When the twin crises of the pandemic and the oil rate slump destabilized the entire US oil sector, forcing many companies to shut down and multinationals to freeze their investment plans, the oil reserves at Prinos in the northeastern Aegean appeared doomed.
Dodging fate will depend on the answer the government gives to the dilemma over whether or not the state participates in Prinos oil extraction. The application of German flag carrier Lufthansa’s model – whereby the state offers cash for shares – is one of the scenarios on the table, and possibly the only realistic one, given that it would be near impossible to find the necessary working capital for the reserve to keep working through borrowing, as the Prinos activity does not fulfill the necessary banking criteria.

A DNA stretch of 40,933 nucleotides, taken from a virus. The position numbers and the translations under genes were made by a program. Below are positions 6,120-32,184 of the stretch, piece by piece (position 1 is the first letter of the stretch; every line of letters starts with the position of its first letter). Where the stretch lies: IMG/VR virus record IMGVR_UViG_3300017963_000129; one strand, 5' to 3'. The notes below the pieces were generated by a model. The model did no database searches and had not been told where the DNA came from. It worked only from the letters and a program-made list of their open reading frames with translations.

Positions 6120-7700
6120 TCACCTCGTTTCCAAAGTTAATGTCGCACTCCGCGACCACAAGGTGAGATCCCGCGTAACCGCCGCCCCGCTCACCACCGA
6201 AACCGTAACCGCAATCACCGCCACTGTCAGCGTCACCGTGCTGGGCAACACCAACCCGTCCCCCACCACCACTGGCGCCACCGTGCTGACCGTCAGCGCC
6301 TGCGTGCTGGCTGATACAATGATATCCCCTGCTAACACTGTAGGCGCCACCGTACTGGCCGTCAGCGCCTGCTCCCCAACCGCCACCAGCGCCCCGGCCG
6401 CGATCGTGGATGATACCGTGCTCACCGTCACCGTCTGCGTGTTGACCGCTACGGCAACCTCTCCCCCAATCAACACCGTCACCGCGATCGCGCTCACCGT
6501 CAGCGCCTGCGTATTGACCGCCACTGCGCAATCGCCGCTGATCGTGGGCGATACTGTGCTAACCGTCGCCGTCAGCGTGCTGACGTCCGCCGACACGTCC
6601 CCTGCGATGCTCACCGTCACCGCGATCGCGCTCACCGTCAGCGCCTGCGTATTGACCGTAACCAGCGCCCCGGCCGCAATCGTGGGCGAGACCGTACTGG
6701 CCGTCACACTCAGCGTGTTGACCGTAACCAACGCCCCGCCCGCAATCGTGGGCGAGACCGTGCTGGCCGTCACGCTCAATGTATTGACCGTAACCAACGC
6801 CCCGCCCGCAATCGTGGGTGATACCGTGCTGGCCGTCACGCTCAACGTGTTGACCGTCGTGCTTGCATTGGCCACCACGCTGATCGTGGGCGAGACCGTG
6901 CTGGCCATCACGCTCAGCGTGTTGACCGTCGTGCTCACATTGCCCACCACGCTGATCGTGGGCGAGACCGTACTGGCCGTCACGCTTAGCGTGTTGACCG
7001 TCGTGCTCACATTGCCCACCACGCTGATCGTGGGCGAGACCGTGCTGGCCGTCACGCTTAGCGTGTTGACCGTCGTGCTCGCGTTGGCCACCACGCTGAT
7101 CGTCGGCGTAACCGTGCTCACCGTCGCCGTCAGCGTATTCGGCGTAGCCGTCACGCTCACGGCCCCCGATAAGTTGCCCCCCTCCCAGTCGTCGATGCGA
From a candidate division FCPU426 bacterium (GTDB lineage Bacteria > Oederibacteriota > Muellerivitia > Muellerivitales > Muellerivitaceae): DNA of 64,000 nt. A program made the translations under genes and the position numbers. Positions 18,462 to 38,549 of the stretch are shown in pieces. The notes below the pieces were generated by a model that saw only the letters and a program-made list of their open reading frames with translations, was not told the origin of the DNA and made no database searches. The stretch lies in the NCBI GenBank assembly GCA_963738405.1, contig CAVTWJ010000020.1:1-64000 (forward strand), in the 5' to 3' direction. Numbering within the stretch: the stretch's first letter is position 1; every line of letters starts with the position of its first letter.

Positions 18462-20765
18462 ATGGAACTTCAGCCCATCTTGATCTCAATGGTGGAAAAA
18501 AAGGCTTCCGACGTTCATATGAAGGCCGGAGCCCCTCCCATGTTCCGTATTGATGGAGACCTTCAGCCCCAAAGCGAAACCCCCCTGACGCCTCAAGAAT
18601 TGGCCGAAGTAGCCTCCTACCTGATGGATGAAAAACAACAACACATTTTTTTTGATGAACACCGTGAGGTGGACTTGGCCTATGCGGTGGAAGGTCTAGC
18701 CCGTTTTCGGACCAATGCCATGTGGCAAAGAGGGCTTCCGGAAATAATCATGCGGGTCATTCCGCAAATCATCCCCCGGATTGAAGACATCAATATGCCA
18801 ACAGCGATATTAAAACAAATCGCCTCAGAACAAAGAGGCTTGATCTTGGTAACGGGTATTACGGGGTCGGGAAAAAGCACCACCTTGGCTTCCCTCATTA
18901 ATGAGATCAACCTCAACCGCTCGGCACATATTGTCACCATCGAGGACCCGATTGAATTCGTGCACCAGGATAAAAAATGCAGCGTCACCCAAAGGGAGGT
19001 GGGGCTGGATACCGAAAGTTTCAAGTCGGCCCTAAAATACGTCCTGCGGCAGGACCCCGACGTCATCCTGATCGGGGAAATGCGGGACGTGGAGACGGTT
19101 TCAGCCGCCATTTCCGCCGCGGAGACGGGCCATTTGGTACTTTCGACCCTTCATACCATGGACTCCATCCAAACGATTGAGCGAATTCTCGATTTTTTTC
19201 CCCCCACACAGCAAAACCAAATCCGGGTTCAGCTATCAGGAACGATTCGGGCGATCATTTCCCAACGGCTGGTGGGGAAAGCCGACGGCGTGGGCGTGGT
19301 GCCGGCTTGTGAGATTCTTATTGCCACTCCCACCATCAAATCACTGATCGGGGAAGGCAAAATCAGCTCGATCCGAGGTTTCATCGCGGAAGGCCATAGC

The output of Prinos turned loss-making long before the slump in oil rates, forcing Energean, the developer of the oil field, to slash its investment program by $80 million. Since oil prices nosedived, Energean has told the government that production will cease without funding, as it cannot continue to keep operating at a loss, putting 270 jobs on the line too.